Years ago, I loved having hundreds of unread books in my personal library waiting for me. The thought of having a constant supply of reads thrilled me. Now? Not so much.
After embracing a simpler, more minimalist lifestyle, I started disliking waste of any kind, and having a big TBR pile felt like not just a huge waste, but a big burden. Each book represented a lost opportunity and a careless expense.
Yet, despite the TBR pile, I kept on buying more books - compulsively, as if I was possessed by some librarian ghost. Was this some kind of weird reader disease? Is my TBR here to stay? Or is it just a convenient excuse to hoard more books?
I stumbled on a solution one day when I discovered that my very neglected Goodreads app on my phone had a rather cool function: The Bar code scanner!
I went nuts with it and scanned all the books I had. And, naturally, I sorted the books into different virtual shelves. I then made a habit of recording what I read.
That's when I noticed something curious: I would get a ping of satisfaction each time I shifted a book from the "currently reading" to "read" shelf. Soon, the desire to shift more books to the "read" shelf became almost obsessive. I had an even bigger burst of satisfaction watching my "To read" (which served as my TBR pile) numbers go down.
The next thing I knew, I'm reading more TBR books and a whole month would go without me buying a new book. (This is a feat for me as I often buy five books a month!)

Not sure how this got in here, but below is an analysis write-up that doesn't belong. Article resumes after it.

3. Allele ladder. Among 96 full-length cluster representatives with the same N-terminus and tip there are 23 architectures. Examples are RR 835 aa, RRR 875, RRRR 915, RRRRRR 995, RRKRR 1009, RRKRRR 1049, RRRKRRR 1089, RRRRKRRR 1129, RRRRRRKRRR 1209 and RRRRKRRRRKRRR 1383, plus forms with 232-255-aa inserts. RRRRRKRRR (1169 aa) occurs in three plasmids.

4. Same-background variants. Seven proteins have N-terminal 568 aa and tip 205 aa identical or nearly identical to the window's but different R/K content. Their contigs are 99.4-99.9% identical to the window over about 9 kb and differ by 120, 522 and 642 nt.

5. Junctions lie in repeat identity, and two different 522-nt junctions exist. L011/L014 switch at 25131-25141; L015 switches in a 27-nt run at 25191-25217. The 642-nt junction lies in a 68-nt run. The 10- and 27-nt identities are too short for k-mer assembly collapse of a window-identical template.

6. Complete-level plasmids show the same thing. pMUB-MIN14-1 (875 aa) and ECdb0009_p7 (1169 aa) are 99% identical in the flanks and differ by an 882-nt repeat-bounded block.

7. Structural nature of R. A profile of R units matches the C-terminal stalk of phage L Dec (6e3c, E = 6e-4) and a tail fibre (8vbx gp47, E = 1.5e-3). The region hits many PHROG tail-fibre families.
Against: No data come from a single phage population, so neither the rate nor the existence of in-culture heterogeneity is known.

This is why Goodreads has become such a great TBR buster for me:
The DNF shelf is a good reminder
Goodreads doesn't provide you with a DNF shelf, so I created one for myself.
These days, if a book doesn't interest me after reading it 1/4 way, I'll shelve it under "DNF" (Did not finish) and then place the physical book in my "to sell/give away" rack. It stings each time but it also reminds me to be more cautious about the books I buy. I find my urge to shop for books diminish after DNF-ing something.
Goodreads gives me immediate access to my book list
One of the reasons why I kept buying books impulsively was because I mistakenly believed that my library didn't have books that will interest me at that moment.
These days, before looking for a book on Amazom, I would go through my "to read" shelf first. I always found a book.
Taps into my love for crossing off a task
Moving a book from "to read" to "read" feels so good. Apparently, there's a scientific explanation for this: checklists trigger the release of the feel-good hormone, dopamine.
This post in Apartment Therapy said: "The association between crossing something off a list and that good feeling becomes so strong that we'll do just about anything — even scrub a toilet — to get it."
That's me, the check list addict.
These days I'm far more interested in getting that dose of dopamine by crossing off a book than buying new books. All because of my love for crossing off a task list!
The yearly Reading Challenge feeds my competitive soul
Speaking of completing tasks, the Goodreads Reading Challenge is the No.1 task list I want to complete. I've set my goal at an ambitious 100 books to read in 2016.
You bet I'm going to cross off that task to get that dopamine rush!
Ever since I started using Goodreads to organise my reading life, my TBR list has gone down from 200 over to 162 in just half a year.
There's still room to improve though: I hope to cut the TBR to 100 by the end of the year and meet my 100-book goal for 2016.
How about you, what do you do to slash your TBR pile? Has Goodreads helped you do this?